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The Good, The Bad, And The Weird

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Football can be beautiful. It can be heartbreaking. And sometimes, as in the 3-3 Arsenal Liverpool affair, it’s just strange.

Arsenal v Liverpool - Premier League Photo by Catherine Ivill/Getty Images

Liverpool boss Jurgen Klopp is keen to remind fans that anything is possible in a given match. Sure, this can be taken as a mere reference to the possible results: win, draw, or loss. And most of the time, it would be accurate to talk about top-flight competitions with this results-based language.

But other times, “anything is possible” can encompass the seemingly infinite things that can happen during a given 90 minutes of football. If you watch long enough, you start to think you’ve seen it all. Nearly impossible comebacks at Istanbul to nearly impossible deflections off of beachballs for decisive goals.

Last night’s Arsenal-Liverpool showdown was one of the weirder games of football I’ve seen in a long time. It had the promise of brilliant, attacking football, and we got that! However, of the six goals we saw, only one, by Mesut Ozil, wrapping up a wild 5 minutes of football with a smart 1-2 and deft finish, was worthy of the occasion.

Philippe Coutinho got the action started, after Mohamed Salah’s pass took a perfect deflection off a defender to allow the diminutive Brazilian of all people to bag a headed goal. Liverpool would go on to create some great chances after beautiful interplay the rest of the half, but none of them managed that little bit of luck needed to find their way past Petr Cech.

Liverpool’s second was also fortunate. Although we expect just about everything Salah touches these days to turn to gold, the goal he created was essentially out of nothing, and relied on a lot of luck to beat Cech. Salah, already once fortunate to assist on the first goal, got yet another lucky deflection to beat the keeper with his long-range shot.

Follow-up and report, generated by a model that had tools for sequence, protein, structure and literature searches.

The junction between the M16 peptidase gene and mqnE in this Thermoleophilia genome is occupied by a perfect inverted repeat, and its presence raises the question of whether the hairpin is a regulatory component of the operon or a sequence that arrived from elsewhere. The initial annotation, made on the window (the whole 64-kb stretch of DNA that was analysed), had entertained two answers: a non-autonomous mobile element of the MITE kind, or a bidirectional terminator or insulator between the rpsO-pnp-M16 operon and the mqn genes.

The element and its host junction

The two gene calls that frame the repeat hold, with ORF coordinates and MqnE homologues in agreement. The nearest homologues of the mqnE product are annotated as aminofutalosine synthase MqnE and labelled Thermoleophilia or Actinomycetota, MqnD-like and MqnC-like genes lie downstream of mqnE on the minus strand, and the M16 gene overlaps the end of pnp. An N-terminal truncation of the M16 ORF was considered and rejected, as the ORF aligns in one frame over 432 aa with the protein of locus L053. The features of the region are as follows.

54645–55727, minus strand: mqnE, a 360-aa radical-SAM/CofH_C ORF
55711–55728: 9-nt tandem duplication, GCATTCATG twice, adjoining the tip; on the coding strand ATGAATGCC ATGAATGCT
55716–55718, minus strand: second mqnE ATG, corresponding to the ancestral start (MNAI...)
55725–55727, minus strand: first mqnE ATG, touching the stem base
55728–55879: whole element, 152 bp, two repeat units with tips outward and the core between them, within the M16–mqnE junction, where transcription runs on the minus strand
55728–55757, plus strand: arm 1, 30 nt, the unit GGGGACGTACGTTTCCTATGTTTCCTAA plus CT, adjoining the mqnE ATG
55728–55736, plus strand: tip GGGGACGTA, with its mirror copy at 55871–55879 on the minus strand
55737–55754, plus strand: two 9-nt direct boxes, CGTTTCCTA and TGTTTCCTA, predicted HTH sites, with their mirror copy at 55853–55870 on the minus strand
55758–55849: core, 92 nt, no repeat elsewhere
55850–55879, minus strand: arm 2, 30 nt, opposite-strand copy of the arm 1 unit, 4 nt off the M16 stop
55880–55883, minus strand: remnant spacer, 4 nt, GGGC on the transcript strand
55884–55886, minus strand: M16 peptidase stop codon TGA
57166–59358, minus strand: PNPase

At 2-0 I allowed myself to breathe a sigh of relief, which, in retrospect, was quite dumb. Two defensive errors later, and Arsenal had equalized, with Ozil’s finish still to come in short order.

On another game we might talk about Joe Gomez’s youth and inexperience in dealing, or rather not dealing, with the cross that led to Arsenal’s first goal by Alexis Sanchez. But instead we’re left to talk about the goalkeeping howler from the otherwise generally good shot-stopper Simon Mignolet. Granit Xhaka’s shot from distance was no doubt hit with quite a bit of venom, but it was straight down our Belgian keeper’s throat, and he should have done better than deflected the ball into his own net.

Not to be outdone, or maybe just in goalkeeping solidarity, Cech then deflected Roberto Firmino’s shot into his net.

With 20 minutes still to play after Liverpool’s equalizer to make it 3-3, you could just tell at this point that both sides were spent. After both sides looking dangerous for 70 minutes, it was almost as if all 22 players on the pitch said, “Eh, fuck it, let’s take the draw and move on.” In a game where both sides led, and both sides relied on quite a bit of fortunate and strange circumstances to get where they were, the sentiment is understandable.

Neither side deserved to lose that match (nor did they deserve to win it). Not that “deserve” means anything in a football match.

As a fan watching the final few minutes tick away I thought, “I’d much rather not lose this one than win it at this point.” As game drew to a conclusion, I felt myself returning, along with the players, to the reality of the situation and away from the surreal anything-is-possible football we just witnessed. My mind switched to the three possible results that we can categorize this match into—win, loss, or draw—not about what happened to get there. Arsenal needed the win more than we did. A draw keeps us in the Top 4 for Christmas.

Now, we can just hope Santa Klopp brings us more wins in the second half of the season. And, you know, maybe a center back or two.